Deep freeze: High-end cooler sales are hot

Consumers looking to keep drinks and food cold for multiple days of car camping or float trips are spending more than $100-$200 on high-end coolers.
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Throughout the next month, SNEWS will recap its coverage of Outdoor Retailer Summer Market 2013 with select stories from the O.R. Daily we published at the show July 31 – Aug. 3. It’s an opportunity for you to catch up on stories you might have missed in O.R.D., and for us to update and upload the articles to our searchable archives.

Tell outdoor customers they can keep a beer or caught fish cold for seven days, and they’re ready to spend $100-$200 or more on high-end coolers.

Keeping things cold is rather hot at outdoor retail.

High-end cooler unit sales, a category pioneered by Yeti several years ago, are up 139 percent (for $100-plus models) and up 137 percent (for $200-plus models) from 2011 to 2012, according to Leisure Trends Group’s RetailTRAK data.

These coolers are constructed with the same rotational-molding technologies used to build kayaks — providing heavy-duty insulation — coupled with freezer-grade seals and locks, plus elevated floors to allow cool air to pass underneath.

The share of coolers selling for $200 or more as a percentage of all coolers sold at outdoor retail has increased from 1 percent in 2010 to 8 percent in 2013 through April, according to Leisure Trends.

Yeti competitors have taken notice with Igloo last year introducing its own line of roto-molded coolers. This Summer Market Igloo brings wheeled 50-quart (MSRP $450) and 90-quart (MSRP $550) versions with telescopic-locking handles. “Our focus mainly has been hunters and fishers, but we see a growing market with all campers, especially those who are heading out to remote environments for a week,” said Lisa Silva, Igloo’s hardsides project manager for new product development. “They’re looking at coolers as part of their essential gear and they want the best.”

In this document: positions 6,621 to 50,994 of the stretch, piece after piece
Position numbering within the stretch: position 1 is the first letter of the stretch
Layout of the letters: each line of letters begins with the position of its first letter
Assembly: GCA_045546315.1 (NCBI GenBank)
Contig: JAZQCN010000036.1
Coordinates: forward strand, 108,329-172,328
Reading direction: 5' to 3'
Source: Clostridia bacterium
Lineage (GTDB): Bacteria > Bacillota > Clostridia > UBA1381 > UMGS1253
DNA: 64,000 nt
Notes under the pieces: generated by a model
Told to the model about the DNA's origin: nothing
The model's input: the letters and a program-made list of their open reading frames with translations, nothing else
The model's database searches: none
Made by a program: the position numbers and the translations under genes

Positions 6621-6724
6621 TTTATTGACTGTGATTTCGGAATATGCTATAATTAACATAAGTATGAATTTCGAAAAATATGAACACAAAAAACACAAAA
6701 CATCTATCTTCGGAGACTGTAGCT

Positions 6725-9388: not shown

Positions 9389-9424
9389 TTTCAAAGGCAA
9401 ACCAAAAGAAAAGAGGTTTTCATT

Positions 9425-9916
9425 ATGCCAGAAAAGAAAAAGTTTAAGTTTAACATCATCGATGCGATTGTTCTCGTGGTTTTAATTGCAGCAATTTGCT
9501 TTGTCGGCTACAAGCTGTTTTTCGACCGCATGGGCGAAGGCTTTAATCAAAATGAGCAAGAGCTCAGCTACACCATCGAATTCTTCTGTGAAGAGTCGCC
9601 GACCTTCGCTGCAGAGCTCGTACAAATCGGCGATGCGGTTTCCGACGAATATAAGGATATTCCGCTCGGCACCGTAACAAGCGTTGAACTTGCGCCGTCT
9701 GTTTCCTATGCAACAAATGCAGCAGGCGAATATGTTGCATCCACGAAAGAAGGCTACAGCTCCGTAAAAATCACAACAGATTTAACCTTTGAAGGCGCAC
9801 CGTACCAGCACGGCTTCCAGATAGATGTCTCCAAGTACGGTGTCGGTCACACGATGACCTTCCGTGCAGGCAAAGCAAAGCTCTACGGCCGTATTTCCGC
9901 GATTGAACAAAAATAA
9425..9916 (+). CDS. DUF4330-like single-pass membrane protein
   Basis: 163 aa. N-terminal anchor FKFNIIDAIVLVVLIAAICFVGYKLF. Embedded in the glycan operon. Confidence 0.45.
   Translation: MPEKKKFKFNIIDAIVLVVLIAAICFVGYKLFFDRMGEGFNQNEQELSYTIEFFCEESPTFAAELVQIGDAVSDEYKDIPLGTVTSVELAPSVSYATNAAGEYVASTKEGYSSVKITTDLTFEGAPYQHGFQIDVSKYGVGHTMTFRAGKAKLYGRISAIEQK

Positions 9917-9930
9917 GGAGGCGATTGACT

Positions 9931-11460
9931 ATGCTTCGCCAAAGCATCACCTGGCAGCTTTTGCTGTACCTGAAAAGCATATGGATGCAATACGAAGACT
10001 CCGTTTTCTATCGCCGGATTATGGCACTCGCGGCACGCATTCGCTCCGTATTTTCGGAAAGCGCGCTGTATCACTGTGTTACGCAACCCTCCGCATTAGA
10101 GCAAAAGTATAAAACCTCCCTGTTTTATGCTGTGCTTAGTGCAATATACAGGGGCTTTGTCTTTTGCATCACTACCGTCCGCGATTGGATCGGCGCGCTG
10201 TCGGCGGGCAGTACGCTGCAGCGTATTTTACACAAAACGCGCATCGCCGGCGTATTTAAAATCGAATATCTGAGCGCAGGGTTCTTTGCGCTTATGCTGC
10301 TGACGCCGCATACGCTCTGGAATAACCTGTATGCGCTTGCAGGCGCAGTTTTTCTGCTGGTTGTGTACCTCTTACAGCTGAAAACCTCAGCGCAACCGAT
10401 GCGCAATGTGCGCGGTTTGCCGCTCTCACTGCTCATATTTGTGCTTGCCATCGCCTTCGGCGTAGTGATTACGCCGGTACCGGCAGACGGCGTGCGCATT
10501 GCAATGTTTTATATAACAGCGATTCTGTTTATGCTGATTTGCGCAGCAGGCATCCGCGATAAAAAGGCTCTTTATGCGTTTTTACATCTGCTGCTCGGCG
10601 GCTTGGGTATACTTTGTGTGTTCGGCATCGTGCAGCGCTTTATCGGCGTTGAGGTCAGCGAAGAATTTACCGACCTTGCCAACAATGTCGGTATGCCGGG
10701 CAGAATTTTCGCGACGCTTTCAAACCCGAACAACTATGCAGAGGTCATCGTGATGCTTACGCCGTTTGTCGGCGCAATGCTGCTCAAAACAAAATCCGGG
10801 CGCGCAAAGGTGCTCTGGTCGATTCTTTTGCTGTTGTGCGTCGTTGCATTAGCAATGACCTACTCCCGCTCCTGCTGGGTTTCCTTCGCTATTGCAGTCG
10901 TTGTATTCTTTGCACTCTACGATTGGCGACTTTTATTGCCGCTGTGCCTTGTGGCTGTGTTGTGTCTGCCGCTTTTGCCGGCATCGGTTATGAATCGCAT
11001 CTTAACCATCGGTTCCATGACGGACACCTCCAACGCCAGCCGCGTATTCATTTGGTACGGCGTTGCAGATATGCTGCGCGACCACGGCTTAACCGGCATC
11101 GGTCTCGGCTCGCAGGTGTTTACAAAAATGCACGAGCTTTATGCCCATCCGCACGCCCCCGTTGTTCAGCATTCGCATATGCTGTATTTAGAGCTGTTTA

Coolers_Igloo_WheeledYukon

Pelican Products also expands into the high-end cooler market with its 250-quart Elite Cooler (MSRP $790), boasting 7-10-day ice retention with 2-inch thick polyurethane insulation, plus a threaded drain plug that is garden-hose-attachable for easy cleaning or draining.

Coolers_PelicanProducts_ProGear150QTEliteCooler

Having established itself as a category leader, Yeti takes a slightly different spin this show with the introduction of its roto-molded Yeti Tank (MSRP $200), a circular, open cooler that consumers can fill with tons of ice and cans/bottles or an entire keg. It sports two hefty rope handles and the company’s Vortex drain for quick emptying. “Since we started the company in 2006, we have grown at least 100 percent year-over-year,” said Denise Smith, Yeti marketing product manager.

Coolers_Yeti_Tank

Not every consumer will have the money or desire to spend so much on high-end coolers, so brands are also upgrading the traditional cooler to hit some middle-ground price points.

Igloo debuts its SuperTough STX line of coolers (MSRPs $90-$220; 54-165 quarts), which aren’t roto-molded, but are better insulated and use longer-lasting materials — such as a bolt-through handle system and stainless-steel hinges, latches and drain plugs — in typical stress areas. “These signature features are all colored a bright orange so they stand out at retail,” Silva said.

Coolers_Igloo_SuperToughSTX120

Stanley also tragets the middle market, debuting a line of Adventure Coolers (MSRPs $40-$75; 7-16 quarts) that appeal in looks and function to the outdoorsman. Bungee tie downs on top allow for nesting a water bottle or a jacket and the small cooler is tough enough to use as a seat. It’s as much about addressing aesthetics as performance, said JoAnne Henderson, global senior marketing manager for Stanley. “Few men want to walk into camp with a bright-colored Playmate cooler.”

Coolers_Stanley_AdventureCooler

--David Clucas

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